Varanasi's Ravidassia sect shocks Sikh community
New Delhi, Feb.4 (ANI): The establishment of the Ravidassia Sect in Varanasi last weekend has shocked the world's 23 million-strong Sikh community.
Founded by a radical Sikh sect called Dera Sachkhand Ballan, the Ravidassia Sect, which consists mainly of "Untouchables", or Dalits, has claimed its own pilgrimage site to be a rival to the Sikhs' Golden Temple in Amritsar, and has said that it has its own book of holy verses to replace the Sikhs' Guru Granth Sahib, besides its own symbol, known as the Har (which it translates as Almighty).
"We aim to respect all religions, love mankind and live a virtuous life," C. R. Suman, a Radivassia spokesman, told The Times.
He added that the religion had hundreds of thousands of devotees, with followers across the diaspora, including in Britain.
Ravidassia already has temples in Southall, Coventry and Toronto, as well as several web sites and Facebook pages.
The split from Sikhism seems to be a reaction to the killing of Guru Sant Rama Nand, the sect's deputy leader, by fundamentalist Sikhs in a gunfight at a temple in Vienna last year, which caused rioting across Punjab.
Sikhs do not officially believe in the caste system, which has its origins in Hinduism, and divides society into hundreds of groups that define where one lives, who one marries and what job one does.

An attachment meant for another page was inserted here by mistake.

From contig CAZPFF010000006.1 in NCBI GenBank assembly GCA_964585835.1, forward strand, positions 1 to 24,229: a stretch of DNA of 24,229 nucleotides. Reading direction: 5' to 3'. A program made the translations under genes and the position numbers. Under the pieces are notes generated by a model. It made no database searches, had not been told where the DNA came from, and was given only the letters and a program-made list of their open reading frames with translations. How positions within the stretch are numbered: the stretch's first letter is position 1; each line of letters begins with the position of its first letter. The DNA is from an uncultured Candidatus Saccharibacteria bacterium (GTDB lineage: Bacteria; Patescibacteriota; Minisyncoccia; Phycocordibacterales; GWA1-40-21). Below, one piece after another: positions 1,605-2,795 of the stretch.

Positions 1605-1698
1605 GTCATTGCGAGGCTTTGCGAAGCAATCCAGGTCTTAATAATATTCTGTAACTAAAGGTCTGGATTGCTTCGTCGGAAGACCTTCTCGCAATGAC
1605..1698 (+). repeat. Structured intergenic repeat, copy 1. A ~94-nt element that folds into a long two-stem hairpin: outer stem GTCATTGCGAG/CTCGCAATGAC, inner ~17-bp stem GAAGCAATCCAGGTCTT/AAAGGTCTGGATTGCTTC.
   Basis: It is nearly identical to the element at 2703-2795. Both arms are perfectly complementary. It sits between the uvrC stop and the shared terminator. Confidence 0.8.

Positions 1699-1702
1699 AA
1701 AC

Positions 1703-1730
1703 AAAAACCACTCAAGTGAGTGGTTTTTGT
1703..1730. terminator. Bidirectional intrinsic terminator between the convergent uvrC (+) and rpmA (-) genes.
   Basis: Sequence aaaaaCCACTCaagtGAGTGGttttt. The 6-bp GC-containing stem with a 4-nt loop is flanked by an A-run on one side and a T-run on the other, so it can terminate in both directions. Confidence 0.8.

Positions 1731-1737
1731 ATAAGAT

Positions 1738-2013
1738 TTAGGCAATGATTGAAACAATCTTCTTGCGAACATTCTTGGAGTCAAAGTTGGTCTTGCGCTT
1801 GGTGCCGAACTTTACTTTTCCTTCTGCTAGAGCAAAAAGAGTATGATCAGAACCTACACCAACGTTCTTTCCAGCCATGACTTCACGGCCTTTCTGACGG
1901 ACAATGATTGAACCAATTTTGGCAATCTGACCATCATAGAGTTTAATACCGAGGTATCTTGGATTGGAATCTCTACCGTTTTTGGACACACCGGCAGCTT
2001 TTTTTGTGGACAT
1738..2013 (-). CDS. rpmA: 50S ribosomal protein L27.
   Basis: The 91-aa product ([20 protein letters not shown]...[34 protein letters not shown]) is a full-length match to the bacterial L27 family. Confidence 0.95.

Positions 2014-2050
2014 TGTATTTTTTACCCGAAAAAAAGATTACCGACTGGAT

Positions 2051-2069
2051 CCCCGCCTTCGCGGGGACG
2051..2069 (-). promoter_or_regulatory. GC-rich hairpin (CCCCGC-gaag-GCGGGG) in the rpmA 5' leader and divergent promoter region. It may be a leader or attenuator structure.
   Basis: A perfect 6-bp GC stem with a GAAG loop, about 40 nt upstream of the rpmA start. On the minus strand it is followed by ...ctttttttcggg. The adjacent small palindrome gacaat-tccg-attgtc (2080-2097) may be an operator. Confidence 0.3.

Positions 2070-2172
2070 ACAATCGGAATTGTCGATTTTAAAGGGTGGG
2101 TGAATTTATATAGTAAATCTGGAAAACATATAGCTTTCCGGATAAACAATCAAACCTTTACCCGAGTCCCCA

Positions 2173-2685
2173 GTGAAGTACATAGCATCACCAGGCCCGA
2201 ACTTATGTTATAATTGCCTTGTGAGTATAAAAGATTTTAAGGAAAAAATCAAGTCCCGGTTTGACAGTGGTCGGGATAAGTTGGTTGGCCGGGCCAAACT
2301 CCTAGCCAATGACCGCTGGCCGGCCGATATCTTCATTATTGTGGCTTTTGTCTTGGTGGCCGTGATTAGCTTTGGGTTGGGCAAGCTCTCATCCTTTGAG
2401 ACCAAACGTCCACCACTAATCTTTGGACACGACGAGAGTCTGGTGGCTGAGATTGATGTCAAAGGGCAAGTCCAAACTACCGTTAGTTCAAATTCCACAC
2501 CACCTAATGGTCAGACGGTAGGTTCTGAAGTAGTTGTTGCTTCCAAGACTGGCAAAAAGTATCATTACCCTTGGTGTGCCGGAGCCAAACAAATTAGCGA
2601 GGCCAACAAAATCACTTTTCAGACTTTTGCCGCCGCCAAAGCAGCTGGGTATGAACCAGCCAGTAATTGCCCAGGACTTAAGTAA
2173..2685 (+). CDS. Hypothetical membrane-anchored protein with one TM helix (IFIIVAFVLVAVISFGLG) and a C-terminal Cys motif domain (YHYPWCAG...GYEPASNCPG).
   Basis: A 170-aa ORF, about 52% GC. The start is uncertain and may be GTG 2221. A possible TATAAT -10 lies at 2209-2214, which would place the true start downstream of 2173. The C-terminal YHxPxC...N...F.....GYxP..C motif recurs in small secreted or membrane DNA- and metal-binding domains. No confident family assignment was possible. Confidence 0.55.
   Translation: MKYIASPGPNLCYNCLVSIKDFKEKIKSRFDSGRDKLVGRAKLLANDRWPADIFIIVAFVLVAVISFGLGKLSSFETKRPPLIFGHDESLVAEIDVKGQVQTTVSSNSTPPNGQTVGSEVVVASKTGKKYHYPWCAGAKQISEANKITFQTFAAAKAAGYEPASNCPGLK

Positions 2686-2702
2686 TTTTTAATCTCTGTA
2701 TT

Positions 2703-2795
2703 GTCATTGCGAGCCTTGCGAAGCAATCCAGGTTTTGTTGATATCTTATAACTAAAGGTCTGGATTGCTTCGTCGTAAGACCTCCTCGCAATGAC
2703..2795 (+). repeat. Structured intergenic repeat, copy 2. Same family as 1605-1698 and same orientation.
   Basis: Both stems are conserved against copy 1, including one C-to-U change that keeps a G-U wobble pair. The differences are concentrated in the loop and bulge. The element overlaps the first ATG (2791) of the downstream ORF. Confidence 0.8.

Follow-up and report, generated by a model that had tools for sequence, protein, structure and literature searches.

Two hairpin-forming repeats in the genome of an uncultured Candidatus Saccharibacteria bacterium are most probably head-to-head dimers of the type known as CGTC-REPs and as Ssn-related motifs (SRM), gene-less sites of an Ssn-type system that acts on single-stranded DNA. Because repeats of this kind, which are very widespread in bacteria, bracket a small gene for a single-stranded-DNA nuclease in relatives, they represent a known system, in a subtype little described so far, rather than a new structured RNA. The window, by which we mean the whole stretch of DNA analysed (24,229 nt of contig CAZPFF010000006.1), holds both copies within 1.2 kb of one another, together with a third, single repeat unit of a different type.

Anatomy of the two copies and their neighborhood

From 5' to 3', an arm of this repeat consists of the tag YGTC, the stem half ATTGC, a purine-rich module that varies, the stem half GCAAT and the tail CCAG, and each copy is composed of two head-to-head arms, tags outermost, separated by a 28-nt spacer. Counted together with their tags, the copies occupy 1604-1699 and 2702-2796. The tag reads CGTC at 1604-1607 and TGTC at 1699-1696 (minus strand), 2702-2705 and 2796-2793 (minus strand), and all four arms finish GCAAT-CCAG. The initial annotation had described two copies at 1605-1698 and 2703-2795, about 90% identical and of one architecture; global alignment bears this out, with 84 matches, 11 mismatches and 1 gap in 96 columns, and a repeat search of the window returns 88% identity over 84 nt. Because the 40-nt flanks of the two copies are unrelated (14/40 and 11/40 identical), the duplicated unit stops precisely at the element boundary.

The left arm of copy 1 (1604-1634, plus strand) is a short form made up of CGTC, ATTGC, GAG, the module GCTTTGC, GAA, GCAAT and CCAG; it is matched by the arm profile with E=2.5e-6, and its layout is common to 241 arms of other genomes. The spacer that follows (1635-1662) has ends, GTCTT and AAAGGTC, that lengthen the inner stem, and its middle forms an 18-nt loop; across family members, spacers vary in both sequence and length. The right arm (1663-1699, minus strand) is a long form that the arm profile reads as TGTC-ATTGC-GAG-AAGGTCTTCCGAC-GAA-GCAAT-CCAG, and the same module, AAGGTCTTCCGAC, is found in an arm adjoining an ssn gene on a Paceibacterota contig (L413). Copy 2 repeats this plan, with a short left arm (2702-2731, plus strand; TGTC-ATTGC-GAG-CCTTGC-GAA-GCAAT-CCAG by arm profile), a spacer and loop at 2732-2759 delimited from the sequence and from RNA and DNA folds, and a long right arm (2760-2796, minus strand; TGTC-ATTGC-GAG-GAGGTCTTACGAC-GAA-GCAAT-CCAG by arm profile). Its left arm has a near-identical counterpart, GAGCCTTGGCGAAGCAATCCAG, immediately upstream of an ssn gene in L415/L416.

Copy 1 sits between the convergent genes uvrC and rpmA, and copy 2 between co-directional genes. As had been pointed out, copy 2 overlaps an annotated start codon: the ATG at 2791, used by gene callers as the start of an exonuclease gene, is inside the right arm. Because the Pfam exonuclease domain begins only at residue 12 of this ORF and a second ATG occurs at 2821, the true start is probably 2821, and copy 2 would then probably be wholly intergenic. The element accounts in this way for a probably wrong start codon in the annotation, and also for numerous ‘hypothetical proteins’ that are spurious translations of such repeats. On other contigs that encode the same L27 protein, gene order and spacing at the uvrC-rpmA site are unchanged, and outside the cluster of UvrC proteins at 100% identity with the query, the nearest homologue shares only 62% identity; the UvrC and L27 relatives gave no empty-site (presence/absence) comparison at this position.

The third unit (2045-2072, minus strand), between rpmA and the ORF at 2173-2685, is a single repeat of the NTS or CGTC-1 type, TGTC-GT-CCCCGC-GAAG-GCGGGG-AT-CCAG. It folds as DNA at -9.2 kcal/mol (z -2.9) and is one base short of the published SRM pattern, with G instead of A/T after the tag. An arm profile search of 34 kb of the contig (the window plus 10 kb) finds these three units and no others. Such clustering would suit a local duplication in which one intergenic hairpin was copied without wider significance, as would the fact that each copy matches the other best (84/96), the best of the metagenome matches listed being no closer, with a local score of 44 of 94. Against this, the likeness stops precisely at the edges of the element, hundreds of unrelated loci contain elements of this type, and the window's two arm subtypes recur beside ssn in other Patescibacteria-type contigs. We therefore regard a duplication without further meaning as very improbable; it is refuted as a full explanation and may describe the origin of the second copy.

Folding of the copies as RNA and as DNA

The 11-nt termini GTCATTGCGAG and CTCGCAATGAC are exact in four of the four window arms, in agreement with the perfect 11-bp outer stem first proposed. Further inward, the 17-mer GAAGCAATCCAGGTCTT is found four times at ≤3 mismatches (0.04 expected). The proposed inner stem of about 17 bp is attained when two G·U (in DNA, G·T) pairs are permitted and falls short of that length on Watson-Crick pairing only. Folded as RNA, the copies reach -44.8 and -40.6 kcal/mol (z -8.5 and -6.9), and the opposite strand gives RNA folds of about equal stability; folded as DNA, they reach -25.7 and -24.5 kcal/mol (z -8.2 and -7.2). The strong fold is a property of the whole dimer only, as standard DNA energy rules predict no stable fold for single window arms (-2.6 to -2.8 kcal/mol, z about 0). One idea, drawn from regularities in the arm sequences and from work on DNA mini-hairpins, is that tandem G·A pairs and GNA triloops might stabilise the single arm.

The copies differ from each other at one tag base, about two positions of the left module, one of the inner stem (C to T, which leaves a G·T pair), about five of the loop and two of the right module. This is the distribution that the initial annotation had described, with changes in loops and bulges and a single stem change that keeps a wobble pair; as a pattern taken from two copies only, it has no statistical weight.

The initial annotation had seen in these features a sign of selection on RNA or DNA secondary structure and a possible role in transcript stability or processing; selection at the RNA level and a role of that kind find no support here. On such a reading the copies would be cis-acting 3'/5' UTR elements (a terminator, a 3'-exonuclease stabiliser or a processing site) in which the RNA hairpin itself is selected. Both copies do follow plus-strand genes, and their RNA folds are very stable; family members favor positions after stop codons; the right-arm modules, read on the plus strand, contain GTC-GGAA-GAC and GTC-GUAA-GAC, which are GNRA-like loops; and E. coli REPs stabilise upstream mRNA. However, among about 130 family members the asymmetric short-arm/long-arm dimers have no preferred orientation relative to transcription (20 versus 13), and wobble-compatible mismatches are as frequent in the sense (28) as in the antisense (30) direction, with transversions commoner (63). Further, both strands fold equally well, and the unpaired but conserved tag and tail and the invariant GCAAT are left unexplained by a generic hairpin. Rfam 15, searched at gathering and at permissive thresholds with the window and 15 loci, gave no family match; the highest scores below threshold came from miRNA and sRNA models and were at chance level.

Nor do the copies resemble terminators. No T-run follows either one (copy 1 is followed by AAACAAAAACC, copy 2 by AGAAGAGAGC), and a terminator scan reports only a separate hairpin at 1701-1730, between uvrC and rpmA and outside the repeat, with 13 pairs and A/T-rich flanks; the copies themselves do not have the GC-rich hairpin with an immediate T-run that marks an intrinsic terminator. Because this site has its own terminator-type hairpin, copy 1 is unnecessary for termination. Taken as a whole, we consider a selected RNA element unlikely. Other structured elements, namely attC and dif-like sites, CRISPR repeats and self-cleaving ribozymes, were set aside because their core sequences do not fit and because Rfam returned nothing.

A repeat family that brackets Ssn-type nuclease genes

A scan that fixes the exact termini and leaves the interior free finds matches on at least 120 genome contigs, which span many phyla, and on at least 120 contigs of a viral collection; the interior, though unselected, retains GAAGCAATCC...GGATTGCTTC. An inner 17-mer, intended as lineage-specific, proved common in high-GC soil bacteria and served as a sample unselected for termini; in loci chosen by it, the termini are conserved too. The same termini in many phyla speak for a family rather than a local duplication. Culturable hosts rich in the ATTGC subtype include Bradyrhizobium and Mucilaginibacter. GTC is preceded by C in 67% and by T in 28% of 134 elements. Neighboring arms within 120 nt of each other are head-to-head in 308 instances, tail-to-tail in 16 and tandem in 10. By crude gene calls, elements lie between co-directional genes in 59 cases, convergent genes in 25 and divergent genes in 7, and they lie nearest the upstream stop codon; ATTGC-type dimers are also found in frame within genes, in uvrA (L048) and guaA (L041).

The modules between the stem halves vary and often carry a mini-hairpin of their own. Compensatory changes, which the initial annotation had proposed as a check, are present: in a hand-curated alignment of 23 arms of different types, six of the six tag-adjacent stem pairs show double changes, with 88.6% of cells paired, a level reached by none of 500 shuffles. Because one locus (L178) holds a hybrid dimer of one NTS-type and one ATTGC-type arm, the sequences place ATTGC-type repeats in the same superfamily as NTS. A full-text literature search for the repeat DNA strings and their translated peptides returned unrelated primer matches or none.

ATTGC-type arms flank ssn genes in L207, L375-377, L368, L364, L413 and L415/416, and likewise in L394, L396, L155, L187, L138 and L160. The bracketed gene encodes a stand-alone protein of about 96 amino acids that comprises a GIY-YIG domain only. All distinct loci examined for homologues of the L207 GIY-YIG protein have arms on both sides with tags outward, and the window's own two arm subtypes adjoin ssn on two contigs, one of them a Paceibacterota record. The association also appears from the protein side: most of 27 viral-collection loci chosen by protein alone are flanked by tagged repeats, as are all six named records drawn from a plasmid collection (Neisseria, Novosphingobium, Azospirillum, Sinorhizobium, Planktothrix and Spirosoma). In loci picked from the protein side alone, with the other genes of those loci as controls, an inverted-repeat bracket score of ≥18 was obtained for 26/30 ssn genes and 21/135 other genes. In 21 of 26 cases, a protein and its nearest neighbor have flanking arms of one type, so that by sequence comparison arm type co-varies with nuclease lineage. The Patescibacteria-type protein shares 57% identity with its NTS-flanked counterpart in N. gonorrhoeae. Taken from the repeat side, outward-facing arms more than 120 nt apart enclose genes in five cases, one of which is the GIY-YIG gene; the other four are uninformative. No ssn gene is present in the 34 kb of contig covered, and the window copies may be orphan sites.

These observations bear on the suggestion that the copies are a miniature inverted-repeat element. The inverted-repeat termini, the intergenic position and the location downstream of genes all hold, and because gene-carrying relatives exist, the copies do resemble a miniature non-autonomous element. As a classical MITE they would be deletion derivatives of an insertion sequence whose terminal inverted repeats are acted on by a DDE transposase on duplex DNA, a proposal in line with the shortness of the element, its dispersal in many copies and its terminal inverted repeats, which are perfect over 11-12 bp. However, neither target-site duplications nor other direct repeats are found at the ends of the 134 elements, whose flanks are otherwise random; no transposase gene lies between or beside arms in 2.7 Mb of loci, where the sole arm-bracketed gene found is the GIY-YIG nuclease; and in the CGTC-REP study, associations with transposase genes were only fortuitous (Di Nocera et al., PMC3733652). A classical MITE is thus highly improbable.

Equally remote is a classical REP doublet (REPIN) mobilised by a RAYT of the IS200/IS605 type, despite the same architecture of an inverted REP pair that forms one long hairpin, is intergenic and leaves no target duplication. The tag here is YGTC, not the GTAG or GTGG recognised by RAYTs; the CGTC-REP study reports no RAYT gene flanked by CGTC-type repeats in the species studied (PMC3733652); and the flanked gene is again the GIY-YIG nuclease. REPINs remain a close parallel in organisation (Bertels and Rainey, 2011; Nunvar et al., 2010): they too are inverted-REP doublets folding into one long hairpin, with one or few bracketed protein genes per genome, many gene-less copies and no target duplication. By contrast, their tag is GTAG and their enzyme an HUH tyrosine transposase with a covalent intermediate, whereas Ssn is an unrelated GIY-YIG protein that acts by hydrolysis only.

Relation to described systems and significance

Guru Nanak founded Sikhism in the 16th century, partly to rebel against the system. But the concept of caste remains deeply rooted in Indian society, even among Sikhs, Christians and Muslims.
Dera Sachkhand Ballan claims to represent lower castes who felt that they were still suffering discrimination, especially at the hands of Jat Sikhs, who have traditionally owned most of the farmland in Punjab.
It differs from mainstream Sikhism on several religious issues, including worshipping living gurus, which is considered blasphemous by most Sikhs. It also focuses predominantly on the teachings of Guru Ravidass, who was born in Varanasi in the 14th century and taught that people should be judged according to their merits, rather than their caste or social status.
"Our objective is to propagate the writing and teachings of Sant Guru Ravidass and other gurus who belonged to suppressed classes," said Suman. (ANI)